• Mon. Oct 3rd, 2022

President Biden’s Supreme Court pick undergoes confirmation hearings

University of Cincinnati College of Law Dean Verna Williams offers her expertise

Contributed

The first day of confirmation hearings are underway for Judge Ketanji Brown, who currently serves on the U.S. Court of Appeals for the D.C. Circuit, and is now under consideration for the U.S. Supreme Court. She would be the first Black woman to serve on the high court and would replace retiring Justice Stephen Breyer.

Verna Williams, Dean and Nippert Professor of Law at the University of Cincinnati College of Law, is among a handful of Black women who have argued before the U.S. Supreme Court. She is available to media and others looking for comment about Biden’s choice.

“The Supreme Court is a public institution; in a pluralistic society such as ours, it must contain diverse voices,” explains Williams. “A diverse bench is essential to the court’s credibility and legitimacy.”

“Justices decide cases affecting the lives of real people. In addition to business matters, the court resolves contentious issues dealing with criminal law, voting rights, as well as education and employment—matters that impact the spectrum of American life,” says Williams. “The court should include someone who not only understands the law but also how the law can reinforce subordination, just as the late Justice Thurgood Marshall did.”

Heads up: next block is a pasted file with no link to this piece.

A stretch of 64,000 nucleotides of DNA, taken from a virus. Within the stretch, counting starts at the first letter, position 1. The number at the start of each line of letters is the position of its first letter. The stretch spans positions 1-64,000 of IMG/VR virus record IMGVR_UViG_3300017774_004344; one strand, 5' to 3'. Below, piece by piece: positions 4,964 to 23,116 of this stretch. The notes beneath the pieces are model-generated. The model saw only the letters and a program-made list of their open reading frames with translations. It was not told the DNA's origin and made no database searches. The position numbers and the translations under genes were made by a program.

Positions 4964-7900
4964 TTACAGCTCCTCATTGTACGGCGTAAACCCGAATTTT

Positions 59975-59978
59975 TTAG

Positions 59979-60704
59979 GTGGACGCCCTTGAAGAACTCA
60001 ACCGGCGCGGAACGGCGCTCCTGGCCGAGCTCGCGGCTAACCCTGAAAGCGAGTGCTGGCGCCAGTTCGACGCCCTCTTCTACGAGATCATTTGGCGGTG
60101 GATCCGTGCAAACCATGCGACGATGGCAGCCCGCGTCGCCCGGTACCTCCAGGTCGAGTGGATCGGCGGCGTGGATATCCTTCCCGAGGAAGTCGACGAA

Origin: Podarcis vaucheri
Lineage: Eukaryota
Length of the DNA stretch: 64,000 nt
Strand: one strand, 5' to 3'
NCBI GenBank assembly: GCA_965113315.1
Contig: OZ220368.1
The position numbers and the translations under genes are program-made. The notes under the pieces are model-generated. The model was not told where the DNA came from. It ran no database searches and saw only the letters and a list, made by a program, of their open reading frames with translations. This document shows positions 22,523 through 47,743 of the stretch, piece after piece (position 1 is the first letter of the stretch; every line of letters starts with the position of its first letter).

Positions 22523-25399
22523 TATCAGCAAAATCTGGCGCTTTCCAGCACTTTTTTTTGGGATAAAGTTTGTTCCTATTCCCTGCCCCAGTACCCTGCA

Since the U.S. Supreme Court first assembled in 1790, a total 115 people have served as justices; of that number, 108 were white men.  Only two African Americans, both males, along with one Hispanic woman and four white women have served on the high court in 232 years.

Williams joined the UC faculty in 2001 and is a cum laude graduate of both Harvard Law School and Georgetown University, where she earned her bachelor’s degree. Before joining the College of Law, Dean Williams was vice president and director of educational opportunities at the National Women’s Law Center, where she focused on issues of gender equity in education. 

During her time at the Center, Williams was lead counsel and successfully argued before the U.S. Supreme Court the case Davis v. Monroe County Board of Education, which established that Title IX requires educational institutions to respond to and address known complaints of student-to-student sexual harassment. 

Williams also clerked for David S. Nelson, U.S. District Judge and the first African American to serve as a federal judge in Massachusetts. After the clerkship, she practiced law at the Washington, D.C., office of Sidley Austin and the U.S. Department of Justice.